Personal Finance Terms

  1. Community Income

  2. Commutation

  3. Commuted Value

  4. Commuting Expenses

  5. Company

  6. Company Owned Life Insurance - COLI

  7. Comparables

  8. Comparative Advertising

  9. Comparative Interest Rate Method

  10. Comparative Market Analysis

  11. Comparative Negligence

  12. Comparative Statement

  13. Compensating Balance

  14. Compensatory Damages

  15. Competition-Driven Pricing

  16. Competitive Pricing

  17. Completed Operations Insurance

  18. Compliance Examination

  19. Compound Interest

  20. Compound Probability

  21. Comprehensive Income

  22. Comps

  23. Compulsive Shopping

  24. Concealed Unemployment

  25. Concealment

  26. Concentration Bank

  27. Concept Company

  28. Concurrent Causation

  29. Conditional Binding Receipt

  30. Conditional Offer

  31. Conditional Sales Floater

  32. Condominium

  33. Condominium Fee

  34. Condotel

  35. Conduit IRA

  36. Confining Condition

  37. Conforming Loan

  38. Conforming Loan Limit

  39. Connie Lee - College Construction Loan Insurance Association - CCLIA

  40. Consequential Loss

  41. Consignment

  42. Consignment Insurance

  43. Consolidated Mortgage Bond

  44. Consortium

  45. Consortium Bank

  46. Conspicuous Consumption

  47. Constant Dollar

  48. Constant Percent Prepayment

  49. Constant Proportion Portfolio Insurance - CPPI

  50. Construction Interest Expense

  51. Construction Mortgage

  52. Constructive Receipt

  53. Constructive Sale Rule - Section 1259

  54. Constructive Total Loss

  55. Consumables

  56. Consumer Advisory Council - CAC

  57. Consumer And Business Lending Initiative

  58. Consumer Bankers Association - CBA

  59. Consumer Confidence Index - CCI

  60. Consumer Credit

  61. Consumer Credit Delinquencies Bulletin

  62. Consumer Debt

  63. Consumer Interest

  64. Consumer Liability

  65. Consumer Packaged Goods - CPG

  66. Consumer Price Index - CPI

  67. Consumer Price Index For All Urban Consumers (CPI-U)

  68. Consumer Price Index For Urban Wage Earners And Clerical Workers - CPI-W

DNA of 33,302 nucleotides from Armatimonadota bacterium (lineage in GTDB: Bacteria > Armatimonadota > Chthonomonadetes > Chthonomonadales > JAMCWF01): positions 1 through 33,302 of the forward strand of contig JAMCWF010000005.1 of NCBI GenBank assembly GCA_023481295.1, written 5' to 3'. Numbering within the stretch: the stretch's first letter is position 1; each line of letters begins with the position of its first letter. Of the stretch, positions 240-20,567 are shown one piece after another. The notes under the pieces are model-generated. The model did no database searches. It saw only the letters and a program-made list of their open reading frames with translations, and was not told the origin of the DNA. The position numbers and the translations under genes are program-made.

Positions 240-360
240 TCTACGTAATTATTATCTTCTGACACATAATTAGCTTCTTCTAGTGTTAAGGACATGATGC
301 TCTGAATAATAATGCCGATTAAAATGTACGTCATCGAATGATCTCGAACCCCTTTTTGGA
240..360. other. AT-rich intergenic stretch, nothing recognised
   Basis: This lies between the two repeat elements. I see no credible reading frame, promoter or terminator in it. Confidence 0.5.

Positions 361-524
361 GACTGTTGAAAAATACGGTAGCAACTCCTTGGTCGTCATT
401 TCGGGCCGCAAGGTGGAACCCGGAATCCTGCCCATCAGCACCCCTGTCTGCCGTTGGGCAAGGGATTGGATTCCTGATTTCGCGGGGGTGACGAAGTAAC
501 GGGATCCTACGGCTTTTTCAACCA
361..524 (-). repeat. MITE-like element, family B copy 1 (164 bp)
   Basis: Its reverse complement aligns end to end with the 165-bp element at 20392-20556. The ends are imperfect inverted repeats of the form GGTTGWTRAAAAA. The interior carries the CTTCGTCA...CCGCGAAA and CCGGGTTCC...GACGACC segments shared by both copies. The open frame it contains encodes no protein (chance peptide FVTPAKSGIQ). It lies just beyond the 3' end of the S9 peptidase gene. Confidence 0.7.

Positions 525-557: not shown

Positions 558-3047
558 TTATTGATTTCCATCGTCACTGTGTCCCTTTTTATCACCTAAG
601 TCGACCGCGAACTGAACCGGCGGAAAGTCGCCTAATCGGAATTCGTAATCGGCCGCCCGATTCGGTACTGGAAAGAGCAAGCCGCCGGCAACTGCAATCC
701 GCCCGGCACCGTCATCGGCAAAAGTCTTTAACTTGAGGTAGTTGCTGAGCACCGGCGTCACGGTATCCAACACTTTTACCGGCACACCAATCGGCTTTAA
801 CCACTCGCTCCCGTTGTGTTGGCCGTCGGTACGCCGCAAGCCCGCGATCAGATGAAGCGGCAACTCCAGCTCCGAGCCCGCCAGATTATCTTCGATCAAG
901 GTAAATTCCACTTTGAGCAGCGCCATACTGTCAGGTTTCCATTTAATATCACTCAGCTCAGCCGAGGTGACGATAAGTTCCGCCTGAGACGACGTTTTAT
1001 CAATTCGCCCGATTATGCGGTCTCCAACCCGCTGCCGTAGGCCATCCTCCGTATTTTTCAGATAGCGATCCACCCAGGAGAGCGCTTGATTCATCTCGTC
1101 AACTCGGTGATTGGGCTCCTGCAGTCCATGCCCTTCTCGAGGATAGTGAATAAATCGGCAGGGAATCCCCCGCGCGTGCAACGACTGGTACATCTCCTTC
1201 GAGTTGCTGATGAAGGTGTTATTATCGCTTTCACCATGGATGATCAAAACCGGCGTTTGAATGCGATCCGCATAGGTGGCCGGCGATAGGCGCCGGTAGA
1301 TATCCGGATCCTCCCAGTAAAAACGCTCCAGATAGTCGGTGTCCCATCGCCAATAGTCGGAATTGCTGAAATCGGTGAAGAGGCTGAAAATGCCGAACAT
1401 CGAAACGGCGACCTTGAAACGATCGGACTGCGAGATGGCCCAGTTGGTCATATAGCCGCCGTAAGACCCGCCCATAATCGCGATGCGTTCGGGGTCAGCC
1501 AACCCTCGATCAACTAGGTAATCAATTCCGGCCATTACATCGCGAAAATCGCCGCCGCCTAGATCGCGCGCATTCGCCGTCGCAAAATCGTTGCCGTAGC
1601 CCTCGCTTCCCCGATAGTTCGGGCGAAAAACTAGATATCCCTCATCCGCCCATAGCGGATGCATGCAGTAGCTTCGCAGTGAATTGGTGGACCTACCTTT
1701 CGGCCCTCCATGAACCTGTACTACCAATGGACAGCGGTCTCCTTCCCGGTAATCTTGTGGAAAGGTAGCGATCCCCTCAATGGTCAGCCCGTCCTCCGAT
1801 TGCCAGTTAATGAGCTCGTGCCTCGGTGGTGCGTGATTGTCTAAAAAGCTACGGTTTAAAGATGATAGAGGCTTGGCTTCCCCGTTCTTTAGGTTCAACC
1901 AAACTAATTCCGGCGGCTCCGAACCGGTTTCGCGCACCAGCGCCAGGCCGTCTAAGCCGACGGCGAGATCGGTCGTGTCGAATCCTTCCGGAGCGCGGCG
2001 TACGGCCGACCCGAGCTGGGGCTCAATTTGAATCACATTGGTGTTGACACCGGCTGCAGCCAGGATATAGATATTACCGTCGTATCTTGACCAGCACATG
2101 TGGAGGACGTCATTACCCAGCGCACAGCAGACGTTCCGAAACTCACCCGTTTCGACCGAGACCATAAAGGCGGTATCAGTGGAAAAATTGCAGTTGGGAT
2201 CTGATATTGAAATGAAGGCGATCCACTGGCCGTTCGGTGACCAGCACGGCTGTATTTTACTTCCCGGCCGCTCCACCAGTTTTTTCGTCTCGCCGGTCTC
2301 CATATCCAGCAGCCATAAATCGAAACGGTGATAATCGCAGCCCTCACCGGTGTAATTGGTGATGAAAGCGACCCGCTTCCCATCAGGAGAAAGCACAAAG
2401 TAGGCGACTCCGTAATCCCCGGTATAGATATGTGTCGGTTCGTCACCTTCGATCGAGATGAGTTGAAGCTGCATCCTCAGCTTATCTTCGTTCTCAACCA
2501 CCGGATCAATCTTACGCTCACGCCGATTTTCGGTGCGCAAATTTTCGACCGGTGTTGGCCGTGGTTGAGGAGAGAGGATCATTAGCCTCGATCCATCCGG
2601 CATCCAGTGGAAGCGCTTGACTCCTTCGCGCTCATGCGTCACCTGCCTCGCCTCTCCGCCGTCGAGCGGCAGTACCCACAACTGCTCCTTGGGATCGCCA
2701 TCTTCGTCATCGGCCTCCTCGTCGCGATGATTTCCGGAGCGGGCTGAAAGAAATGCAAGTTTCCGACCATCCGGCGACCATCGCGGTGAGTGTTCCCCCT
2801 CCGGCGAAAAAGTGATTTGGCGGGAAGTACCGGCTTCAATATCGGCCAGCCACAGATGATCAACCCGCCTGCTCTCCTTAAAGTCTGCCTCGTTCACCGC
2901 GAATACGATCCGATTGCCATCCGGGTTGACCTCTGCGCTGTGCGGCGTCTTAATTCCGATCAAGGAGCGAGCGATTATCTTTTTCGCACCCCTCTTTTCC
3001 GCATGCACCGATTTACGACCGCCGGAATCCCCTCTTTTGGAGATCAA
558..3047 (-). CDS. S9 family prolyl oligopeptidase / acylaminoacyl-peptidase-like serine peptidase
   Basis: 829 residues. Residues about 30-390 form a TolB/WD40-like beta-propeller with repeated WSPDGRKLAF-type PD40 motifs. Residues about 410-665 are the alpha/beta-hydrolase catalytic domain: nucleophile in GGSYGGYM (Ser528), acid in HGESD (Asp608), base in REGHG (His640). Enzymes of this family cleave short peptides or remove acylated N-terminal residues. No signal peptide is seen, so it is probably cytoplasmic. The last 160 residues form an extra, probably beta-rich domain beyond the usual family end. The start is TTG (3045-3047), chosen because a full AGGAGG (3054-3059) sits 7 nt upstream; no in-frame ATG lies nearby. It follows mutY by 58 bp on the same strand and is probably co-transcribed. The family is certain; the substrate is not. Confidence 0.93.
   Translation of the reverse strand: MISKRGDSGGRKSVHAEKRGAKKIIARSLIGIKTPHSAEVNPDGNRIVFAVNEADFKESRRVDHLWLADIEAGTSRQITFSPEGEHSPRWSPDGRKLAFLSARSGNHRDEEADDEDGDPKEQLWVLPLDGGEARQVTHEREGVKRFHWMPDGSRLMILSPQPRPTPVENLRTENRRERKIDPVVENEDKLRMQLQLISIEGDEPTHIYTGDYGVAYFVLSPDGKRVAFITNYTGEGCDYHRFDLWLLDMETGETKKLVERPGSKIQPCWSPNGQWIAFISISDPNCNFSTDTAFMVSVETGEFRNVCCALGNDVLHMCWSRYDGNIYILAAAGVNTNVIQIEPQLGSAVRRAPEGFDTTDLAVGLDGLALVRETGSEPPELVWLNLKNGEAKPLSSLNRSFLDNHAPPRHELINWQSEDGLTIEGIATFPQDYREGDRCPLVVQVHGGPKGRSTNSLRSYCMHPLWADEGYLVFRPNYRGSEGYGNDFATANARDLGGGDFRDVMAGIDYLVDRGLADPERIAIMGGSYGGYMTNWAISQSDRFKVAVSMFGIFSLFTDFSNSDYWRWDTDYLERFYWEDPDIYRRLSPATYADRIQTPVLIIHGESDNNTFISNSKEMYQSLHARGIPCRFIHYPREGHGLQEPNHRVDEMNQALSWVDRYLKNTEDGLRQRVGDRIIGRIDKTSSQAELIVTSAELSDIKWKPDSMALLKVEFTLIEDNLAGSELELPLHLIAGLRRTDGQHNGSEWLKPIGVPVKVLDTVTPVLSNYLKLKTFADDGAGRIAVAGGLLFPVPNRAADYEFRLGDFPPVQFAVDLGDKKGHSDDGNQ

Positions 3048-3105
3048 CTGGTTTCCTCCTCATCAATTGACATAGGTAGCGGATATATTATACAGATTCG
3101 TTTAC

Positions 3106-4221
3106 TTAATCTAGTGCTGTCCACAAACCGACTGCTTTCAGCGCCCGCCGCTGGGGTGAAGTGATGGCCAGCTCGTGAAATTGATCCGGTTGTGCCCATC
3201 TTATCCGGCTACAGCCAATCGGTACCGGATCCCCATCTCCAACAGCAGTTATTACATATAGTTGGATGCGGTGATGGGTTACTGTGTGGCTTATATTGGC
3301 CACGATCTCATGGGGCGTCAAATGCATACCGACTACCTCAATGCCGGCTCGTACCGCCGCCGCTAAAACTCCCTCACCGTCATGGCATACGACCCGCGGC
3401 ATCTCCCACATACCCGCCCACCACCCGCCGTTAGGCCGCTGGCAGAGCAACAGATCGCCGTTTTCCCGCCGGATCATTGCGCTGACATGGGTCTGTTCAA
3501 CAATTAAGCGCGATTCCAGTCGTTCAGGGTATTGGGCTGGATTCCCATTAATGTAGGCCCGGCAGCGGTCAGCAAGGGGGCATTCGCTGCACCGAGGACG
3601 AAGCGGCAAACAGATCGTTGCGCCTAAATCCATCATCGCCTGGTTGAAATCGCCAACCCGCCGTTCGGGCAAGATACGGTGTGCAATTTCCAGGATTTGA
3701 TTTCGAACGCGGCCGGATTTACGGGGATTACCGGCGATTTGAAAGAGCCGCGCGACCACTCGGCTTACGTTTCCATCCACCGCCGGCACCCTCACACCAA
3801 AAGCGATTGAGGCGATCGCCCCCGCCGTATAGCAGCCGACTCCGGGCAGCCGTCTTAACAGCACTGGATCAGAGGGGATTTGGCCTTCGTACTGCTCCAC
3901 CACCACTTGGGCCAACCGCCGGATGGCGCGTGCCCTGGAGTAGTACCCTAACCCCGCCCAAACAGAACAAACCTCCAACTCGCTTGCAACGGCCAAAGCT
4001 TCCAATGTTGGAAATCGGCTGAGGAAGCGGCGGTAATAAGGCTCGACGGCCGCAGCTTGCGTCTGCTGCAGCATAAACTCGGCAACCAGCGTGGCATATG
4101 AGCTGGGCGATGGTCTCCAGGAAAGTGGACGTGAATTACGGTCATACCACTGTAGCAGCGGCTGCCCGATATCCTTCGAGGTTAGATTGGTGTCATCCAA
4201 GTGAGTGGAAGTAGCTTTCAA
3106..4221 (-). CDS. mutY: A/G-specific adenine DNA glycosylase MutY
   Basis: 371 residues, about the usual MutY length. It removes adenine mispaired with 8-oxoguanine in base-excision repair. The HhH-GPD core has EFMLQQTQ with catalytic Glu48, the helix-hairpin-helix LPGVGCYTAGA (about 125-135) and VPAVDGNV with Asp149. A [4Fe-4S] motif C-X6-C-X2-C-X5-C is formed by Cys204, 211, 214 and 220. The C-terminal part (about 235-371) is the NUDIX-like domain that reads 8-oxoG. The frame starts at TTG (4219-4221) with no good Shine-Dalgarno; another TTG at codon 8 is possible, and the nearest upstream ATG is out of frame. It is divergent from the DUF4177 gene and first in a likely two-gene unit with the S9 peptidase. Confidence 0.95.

69. Consumption Smoothing

  70. Consumption Tax

  71. Contingency Clause

  72. Contingent Beneficiary

  73. Continuation Statement

  74. Continuing Claims

  75. Continuous Compounding

  76. Contract Holder

  77. Contraction Risk

  78. Contractor Fraud

  79. Contributory Value

  80. Convenience Of Employer Test

  81. Convention Expenses

  82. Conventional Mortgage

  83. Conversion Option

  84. Conversion Privilege

  85. Convertible ARM

  86. Conveyance Tax

  87. Cooperative Insurance - Co-Op Insurance

  88. Core Inflation

  89. Core Retail Sales

  90. Corporate Cannibalism

  91. Corporate Credit Rating

  92. Corporate Culture

  93. Corporate Fraud

  94. Corporate Headquarters

  95. Corporate Hierarchy

  96. Corporate Inversion

  97. Corporate Ladder

  98. Corporate Ownership Of Life Insurance - COLI

  99. Corporate Pension Plan

  100. Corporate Profit

Hot Definitions
  1. Passive ETF

    One of two types of exchange-traded funds (ETFs) available for investors. Passive ETFs are index funds that track a specific benchmark, such as a SPDR. Unlike actively managed ETFs, passive ETFs are not managed by a fund manager on a daily basis.
  2. Walras' Law

    An economics law that suggests that the existence of excess supply in one market must be matched by excess demand in another market so that it balances out. So when examining a specific market, if all other markets are in equilibrium, Walras' Law asserts that the examined market is also in equilibrium.
  3. Market Segmentation

    A marketing term referring to the aggregating of prospective buyers into groups (segments) that have common needs and will respond similarly to a marketing action. Market segmentation enables companies to target different categories of consumers who perceive the full value of certain products and services differently from one another.
  4. Effective Annual Interest Rate

    An investment's annual rate of interest when compounding occurs more often than once a year. Calculated as the following:
  5. Debit Spread

    Two options with different market prices that an investor trades on the same underlying security. The higher priced option is purchased and the lower premium option is sold - both at the same time. The higher the debit spread, the greater the initial cash outflow the investor will incur on the transaction.
  6. Odious Debt

    Money borrowed by one country from another country and then misappropriated by national rulers. A nation's debt becomes odious debt when government leaders use borrowed funds in ways that don't benefit or even oppress citizens. Some legal scholars argue that successor governments should not be held accountable for odious debt incurred by earlier regimes, but there is no consensus on how odious debt should actually be treated.
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